First, as a parent you are the greatest influence in your child’s life. The fact is that over the course of the year your child will be influenced by the church for anywhere from 40 to 50 hours. Compare this to unscripted time as a family over the course of the year—which is approximately 3000 hours (after sleep, school, etc)—it is easy to see that parents are, hands down, the greatest influence in a child’s life.
Second, a parent is not the only influence a child needs. Yes, a parent’s role is the most significant, but we firmly believe that followers of Jesus need the church. Our mission is more than to get together in a building once and a while to put on religious activities. It is much bigger than this because God is not just saving individual souls for heaven someday; He is calling out and saving a community for Himself that will reflect His love and light to the world. We need each other because God’s mission is bigger than our individuality. Our kids desperately need the church.
Third, we believe two combined influences have a greater impact than just two influences. When the church community and the family/home join together we believe it cultivates the best ground for makes disciples of Jesus.
As we look ahead we are excited to offer three experiences on Sunday mornings for children and youth:
Babies – Age 3 meet for songs, stories and playtime in the classroom just outside the ballroom.
Jk – Grade 4 meet in the ballroom for interactive lessons on the Konect Station and small groups.
Grades 5 – 8 will begin meeting September 11 in the foyer of the ballroom for interactive teaching and discussion.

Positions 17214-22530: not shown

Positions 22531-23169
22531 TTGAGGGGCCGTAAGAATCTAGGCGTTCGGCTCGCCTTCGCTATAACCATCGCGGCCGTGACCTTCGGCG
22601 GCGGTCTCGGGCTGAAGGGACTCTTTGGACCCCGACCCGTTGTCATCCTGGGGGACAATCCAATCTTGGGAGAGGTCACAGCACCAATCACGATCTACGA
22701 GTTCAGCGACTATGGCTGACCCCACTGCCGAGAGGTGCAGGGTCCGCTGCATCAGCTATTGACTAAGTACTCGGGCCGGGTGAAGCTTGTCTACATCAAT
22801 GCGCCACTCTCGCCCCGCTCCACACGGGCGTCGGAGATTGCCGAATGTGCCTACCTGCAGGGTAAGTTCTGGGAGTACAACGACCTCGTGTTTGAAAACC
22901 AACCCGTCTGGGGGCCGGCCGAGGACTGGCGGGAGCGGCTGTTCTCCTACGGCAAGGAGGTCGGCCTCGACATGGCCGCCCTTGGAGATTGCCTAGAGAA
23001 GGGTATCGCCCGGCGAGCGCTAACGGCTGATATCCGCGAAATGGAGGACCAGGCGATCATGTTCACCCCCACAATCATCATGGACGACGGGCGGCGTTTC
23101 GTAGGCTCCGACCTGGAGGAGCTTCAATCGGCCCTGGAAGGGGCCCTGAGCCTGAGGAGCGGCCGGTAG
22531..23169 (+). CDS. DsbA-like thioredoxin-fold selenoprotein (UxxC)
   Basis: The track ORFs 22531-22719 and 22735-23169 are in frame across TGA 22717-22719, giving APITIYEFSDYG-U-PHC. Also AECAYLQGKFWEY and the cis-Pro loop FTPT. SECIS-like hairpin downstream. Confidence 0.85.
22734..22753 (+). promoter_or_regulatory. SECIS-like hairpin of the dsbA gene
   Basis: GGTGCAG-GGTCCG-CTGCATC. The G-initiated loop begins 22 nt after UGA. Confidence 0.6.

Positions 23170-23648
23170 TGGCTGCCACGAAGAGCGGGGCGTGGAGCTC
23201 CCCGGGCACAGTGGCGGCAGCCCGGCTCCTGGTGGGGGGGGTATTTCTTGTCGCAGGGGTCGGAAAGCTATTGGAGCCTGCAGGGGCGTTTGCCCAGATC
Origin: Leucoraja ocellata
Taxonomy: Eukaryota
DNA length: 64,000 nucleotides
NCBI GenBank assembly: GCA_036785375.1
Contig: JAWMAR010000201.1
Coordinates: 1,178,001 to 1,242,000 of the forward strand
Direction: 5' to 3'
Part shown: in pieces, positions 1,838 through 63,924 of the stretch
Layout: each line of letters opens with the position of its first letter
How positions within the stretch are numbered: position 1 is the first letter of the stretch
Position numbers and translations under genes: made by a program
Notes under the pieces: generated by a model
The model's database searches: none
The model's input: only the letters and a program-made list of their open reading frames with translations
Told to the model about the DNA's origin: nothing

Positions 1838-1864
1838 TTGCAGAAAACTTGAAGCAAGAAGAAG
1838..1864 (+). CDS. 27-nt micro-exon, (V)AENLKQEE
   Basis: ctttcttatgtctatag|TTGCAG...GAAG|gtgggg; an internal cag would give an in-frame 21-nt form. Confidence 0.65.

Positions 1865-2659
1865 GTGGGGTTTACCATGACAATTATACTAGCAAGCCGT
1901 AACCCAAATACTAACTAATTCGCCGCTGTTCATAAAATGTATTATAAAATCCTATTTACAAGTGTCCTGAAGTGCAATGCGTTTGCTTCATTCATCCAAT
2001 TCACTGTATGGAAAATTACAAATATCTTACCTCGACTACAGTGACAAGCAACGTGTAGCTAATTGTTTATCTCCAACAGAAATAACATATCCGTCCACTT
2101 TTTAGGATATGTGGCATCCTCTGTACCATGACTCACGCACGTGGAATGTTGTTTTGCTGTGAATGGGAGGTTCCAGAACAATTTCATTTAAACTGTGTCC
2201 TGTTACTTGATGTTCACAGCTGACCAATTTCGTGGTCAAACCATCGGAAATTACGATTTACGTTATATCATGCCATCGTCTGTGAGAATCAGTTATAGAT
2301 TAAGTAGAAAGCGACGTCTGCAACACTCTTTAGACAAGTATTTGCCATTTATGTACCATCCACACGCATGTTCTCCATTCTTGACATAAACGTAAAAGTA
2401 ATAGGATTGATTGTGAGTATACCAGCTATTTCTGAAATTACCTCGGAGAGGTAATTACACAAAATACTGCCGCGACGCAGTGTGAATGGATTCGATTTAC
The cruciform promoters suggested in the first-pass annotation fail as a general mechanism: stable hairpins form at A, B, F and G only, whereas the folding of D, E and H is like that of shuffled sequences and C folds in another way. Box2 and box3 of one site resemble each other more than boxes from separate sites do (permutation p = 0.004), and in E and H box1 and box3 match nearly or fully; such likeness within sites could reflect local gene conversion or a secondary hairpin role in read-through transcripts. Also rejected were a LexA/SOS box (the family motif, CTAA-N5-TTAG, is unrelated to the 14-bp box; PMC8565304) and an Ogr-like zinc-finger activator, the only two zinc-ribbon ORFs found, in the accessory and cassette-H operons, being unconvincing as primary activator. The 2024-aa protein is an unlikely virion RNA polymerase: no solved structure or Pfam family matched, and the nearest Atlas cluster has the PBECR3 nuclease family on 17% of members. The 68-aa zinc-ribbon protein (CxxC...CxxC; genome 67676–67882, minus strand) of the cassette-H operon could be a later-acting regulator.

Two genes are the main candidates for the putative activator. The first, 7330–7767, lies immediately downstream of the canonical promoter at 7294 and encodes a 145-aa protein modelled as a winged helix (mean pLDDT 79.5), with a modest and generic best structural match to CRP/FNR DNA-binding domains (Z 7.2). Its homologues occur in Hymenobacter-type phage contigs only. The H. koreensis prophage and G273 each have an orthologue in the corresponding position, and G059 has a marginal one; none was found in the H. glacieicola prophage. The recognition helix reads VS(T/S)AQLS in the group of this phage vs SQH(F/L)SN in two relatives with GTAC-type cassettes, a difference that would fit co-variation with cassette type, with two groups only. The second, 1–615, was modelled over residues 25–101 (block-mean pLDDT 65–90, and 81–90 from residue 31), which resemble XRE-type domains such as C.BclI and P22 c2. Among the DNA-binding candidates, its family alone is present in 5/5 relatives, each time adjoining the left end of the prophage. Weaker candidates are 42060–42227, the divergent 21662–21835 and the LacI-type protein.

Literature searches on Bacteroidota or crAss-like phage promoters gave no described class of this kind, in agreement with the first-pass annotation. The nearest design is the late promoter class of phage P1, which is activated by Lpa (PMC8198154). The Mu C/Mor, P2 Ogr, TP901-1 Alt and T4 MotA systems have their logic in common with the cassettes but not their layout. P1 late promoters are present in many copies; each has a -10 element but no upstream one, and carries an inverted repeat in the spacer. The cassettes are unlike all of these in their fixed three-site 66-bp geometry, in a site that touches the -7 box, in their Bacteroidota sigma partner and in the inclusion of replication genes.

Today. Thursday May 19th, is a Day of Prayer For London, Ontario. It started this morning with our annual city wide prayer breakfast and continues today as we encourage you to pray for our city.
Here are some things we can be praying for:
PRAY FOR THOSE WHO LEAD US
- our mayor and city council
- our provincial and federal representatives
- our leaders in workplaces, schools and churches
PRAY FOR THOSE WHO SERVE US
- our justice, police and fire departments
- our health care workers
- our teachers at every level
- our employers and businesses
PRAY FOR THOSE AT RISK AND ARE VULNERABLE
- our homeless, orphans and widows - those who are alone
- our weak and frail due to aging and sickness
- our fellow citizens who wrestle with mental illness
- our caregivers of these people at home, in organizations, and in ministry
WHAT SHOULD YOU PRAY?
That God would give wisdom to those that lead and serve in the many decisions they make each day and bless them.
That we all would have courage to seek right in spite of many differing opinions.
That justice and freedom would be desired and maintained in our society.
That all individuals would be protected from physical and spiritual harm.
That people would seek to know God personally.
That we would all be good stewards of the resources that have been given to us.
That there would be good co-operation, communication, collaboration, and connection between those seeking to meet the needs in the city.
That churches would be strong and thriving to help meet those needs.
That we all might be more generous in caring for those less fortunate and in need.